November 11, 2013
RdRp inhibitors are a potential flu therapy. Inventor M. O. H. Clarke discloses 2′-substituted carba-nucleoside analogues represented by formula 1. These compounds inhibit RNA-dependent RNA polymerase (RdRp) of the Orthomyxoviridae virus family, which includes influenza A and B viruses. The compounds may provide treatments for influenza infections.
The influenza virus is a single-strand, negative-sense, segmented RNA orthomyxovirus that uses RdRp to synthesize the viral RNAs needed for replication. Some new anti-influenza agents such as the experimental drug favipiravir and the compounds described in this patent application introduce a promising mechanism for treating influenza. These compounds inhibit influenza RdRp by targeting the virus replication process to stop or slow its replication. This may provide an alternative treatment for influenza infections that has low potential for drug resistance.
Representative examples 2–5 of formula 1 compounds are shown in the figure. The inventor used two biological assays to assess the activity of the compounds: the influenza RNA polymerase inhibition assay and the normal human bronchial/tracheal epithelial cell influenza infection assay. Data from the second of these assays for the four representative compounds are shown in the table.
The most severe influenza infections are caused by the type A virus that infects humans and other species such as birds and pigs. It has caused all known pandemics and most epidemics.
The type A virus undergoes sudden genetic changes called antigenic shifts that are associated with changes in the hemagglutinin (H) and neuraminidase (N) proteins; such changes introduce new strains of the virus. Scientists have identified 15 hemagglutinin (H1–H15) and 9 neuraminidase (N1–N9) subtypes of the type A virus. The virus is named according to the hemagglutinin and neuraminidase subtypes, for example, H1N1, H1N2, and H3N2.
Influenza is a highly contagious acute respiratory infection that infects 10–20% of the population annually. It is associated with significant morbidity and mortality in high-risk patient populations and is responsible for >200,000 hospitalizations and 20,000–35,000 deaths annually in the United States. Globally, the disease results in 250,000–500,000 deaths annually. It causes major pandemics; the most devastating was the 1918–1919 pandemic (the “Spanish flu”). It was caused by H1N1 virus and resulted in 50–100 million deaths.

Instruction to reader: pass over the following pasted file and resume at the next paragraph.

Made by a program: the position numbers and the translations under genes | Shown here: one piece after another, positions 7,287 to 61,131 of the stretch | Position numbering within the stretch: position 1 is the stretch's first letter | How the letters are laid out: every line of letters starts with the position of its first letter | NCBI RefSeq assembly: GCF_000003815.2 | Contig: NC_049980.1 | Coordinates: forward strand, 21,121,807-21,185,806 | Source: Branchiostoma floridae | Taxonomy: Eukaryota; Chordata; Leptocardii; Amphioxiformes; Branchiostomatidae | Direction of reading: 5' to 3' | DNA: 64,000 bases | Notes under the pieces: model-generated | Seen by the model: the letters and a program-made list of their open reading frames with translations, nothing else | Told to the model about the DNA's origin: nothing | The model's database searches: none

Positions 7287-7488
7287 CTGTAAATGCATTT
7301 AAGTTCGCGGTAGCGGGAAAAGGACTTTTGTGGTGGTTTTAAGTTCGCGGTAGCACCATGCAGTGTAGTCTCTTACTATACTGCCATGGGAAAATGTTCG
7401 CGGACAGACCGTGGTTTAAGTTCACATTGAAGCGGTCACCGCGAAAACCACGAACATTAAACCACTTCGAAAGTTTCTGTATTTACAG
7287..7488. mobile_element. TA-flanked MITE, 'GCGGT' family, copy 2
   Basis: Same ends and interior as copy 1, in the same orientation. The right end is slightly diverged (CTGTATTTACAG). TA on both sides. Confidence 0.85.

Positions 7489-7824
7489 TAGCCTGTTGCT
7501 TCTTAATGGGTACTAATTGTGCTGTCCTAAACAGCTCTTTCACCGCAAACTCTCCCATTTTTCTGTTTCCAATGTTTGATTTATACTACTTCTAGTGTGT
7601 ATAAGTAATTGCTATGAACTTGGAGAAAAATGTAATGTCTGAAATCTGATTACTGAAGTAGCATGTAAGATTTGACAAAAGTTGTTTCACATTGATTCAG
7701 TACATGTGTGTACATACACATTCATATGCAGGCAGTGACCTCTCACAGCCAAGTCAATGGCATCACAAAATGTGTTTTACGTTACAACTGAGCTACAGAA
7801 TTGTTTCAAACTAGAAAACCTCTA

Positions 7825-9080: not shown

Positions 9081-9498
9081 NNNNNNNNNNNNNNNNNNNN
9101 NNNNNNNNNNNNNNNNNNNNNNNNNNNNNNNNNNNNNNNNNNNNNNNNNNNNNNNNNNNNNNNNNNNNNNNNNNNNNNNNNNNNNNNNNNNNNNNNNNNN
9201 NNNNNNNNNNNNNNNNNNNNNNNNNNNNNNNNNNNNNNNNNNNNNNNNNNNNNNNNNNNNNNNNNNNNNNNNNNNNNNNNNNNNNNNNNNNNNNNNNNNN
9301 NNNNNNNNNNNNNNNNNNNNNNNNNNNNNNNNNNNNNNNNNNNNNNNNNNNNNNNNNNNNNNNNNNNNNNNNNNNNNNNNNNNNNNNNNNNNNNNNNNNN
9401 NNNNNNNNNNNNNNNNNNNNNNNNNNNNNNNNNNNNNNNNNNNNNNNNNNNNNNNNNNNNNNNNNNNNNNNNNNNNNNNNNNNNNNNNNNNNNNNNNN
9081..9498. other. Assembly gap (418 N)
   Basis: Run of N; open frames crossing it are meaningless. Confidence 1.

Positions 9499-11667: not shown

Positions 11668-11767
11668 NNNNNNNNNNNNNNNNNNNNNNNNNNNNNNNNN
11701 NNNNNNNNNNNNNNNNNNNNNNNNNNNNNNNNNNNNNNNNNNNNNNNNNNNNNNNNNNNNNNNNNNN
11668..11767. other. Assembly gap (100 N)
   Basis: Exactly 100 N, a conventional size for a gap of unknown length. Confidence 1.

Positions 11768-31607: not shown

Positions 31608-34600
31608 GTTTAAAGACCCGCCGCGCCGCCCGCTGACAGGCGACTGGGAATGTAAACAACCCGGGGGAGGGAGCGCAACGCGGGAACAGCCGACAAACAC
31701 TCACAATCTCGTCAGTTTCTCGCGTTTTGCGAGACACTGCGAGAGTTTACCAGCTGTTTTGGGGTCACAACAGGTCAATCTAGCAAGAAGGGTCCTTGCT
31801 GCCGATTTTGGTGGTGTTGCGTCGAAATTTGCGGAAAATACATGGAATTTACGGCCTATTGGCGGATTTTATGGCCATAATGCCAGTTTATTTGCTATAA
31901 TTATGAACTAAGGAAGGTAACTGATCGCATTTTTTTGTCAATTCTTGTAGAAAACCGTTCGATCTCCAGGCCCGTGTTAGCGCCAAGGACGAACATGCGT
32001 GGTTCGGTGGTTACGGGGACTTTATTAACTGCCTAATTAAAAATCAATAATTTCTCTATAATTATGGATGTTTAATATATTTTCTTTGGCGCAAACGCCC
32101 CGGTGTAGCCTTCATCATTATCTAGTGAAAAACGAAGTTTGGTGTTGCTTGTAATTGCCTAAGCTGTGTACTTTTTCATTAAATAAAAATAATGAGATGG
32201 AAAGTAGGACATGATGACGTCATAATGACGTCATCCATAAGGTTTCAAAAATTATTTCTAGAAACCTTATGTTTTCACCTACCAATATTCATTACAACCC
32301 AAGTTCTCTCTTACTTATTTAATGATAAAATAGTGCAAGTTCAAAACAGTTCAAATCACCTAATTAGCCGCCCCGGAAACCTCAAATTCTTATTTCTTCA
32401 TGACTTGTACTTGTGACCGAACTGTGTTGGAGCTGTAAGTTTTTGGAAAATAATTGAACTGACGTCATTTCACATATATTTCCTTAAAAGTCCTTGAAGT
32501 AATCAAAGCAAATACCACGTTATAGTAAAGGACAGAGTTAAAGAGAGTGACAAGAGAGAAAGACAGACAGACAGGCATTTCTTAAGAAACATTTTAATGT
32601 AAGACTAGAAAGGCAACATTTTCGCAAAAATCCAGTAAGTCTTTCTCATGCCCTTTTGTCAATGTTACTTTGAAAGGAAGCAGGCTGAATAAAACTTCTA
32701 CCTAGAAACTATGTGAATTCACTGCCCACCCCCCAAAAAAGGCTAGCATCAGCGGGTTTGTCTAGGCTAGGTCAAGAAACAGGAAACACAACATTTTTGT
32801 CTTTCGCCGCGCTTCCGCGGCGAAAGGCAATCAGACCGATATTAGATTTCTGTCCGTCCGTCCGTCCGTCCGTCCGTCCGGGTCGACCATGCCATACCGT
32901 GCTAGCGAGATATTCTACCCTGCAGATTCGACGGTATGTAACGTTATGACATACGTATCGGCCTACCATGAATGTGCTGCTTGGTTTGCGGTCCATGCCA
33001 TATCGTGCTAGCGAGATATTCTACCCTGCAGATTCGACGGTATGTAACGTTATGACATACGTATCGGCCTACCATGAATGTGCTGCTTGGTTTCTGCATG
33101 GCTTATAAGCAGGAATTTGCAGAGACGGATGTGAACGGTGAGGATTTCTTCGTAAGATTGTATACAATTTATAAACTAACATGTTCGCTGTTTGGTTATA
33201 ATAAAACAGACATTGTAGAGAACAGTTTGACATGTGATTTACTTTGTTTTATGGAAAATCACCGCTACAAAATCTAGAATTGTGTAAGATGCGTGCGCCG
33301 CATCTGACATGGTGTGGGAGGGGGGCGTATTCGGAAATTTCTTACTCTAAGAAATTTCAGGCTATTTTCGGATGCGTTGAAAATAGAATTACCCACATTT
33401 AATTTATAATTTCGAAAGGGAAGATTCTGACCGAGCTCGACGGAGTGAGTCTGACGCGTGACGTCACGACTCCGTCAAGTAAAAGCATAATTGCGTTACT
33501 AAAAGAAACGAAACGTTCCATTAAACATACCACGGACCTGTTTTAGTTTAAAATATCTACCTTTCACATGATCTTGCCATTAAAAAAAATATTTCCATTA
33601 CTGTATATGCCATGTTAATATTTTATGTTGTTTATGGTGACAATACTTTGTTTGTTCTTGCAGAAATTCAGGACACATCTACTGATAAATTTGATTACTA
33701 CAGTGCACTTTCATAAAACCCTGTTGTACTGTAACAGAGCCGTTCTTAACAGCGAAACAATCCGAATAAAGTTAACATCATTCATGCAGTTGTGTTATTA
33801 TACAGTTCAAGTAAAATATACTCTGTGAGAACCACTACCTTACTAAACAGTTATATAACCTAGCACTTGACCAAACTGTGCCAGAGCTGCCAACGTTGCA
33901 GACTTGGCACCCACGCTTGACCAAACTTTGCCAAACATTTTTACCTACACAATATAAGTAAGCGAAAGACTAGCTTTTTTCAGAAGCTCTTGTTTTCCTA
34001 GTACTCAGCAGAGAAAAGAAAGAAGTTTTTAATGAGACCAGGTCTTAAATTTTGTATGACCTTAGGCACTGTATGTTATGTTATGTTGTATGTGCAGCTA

Vaccination, the first known influenza therapy, was developed in the 1940s. It is still the primary method for prophylactic protection from the virus. The production of vaccines, however, requires 6–8 months, and the vaccine should be administered ≈4 weeks before potential infection to be effective. Vaccines lose their effectiveness quickly because of viral mutations, and they are ineffective against new pandemic forms.
The antiviral drugs amantadine (Symmetrel) and rimantadine (Flumadine) block the ion channel M2-protein responsible for uncoating the virus. They are mostly ineffective because of virus resistance, and they cause severe side effects.
Neuraminidase inhibitors (NAIs) are currently the most effective direct-acting drugs approved to treat influenza A and B virus infections. NAIs block the enzyme neuraminidase, which cleaves the connection to sialic acid and frees the emerging viruses after replication. When these connections are intact, viruses clump together and lose their ability to spread to other cells. Known neuraminidase inhibitors include zanamivir (Relenza), ostelamivir (Tamiflu), and peramivir. Recently, however, some influenza virus strains have developed resistance to NAIs.
Some experimental influenza treatments include
- combination therapies, including the triple-combination antiviral drug regimen that consists of amantadine, oseltamivir, and ribavirin and the double combination of favipiravir and oseltamivir;
- influenza RdRp inhibitors such as favipiravir and the compounds described in this application; and
- a host-targeted method in which the sialidase fusion protein DAS181 effectively cleaves sialic acid receptors used by influenza viruses in the respiratory epithelial cells. DAS181 has shown potent inhibition of virus replication, with EC50 values in the range 0.04–0.9 nM.
(Gilead Sciences [Foster City, CA]. WIPO Publication 2013138236, Sept 19, 2013; Ahmed F. Abdel-Magid)
This patent was originally reviewed in ACS Medicinal Chemistry Letters.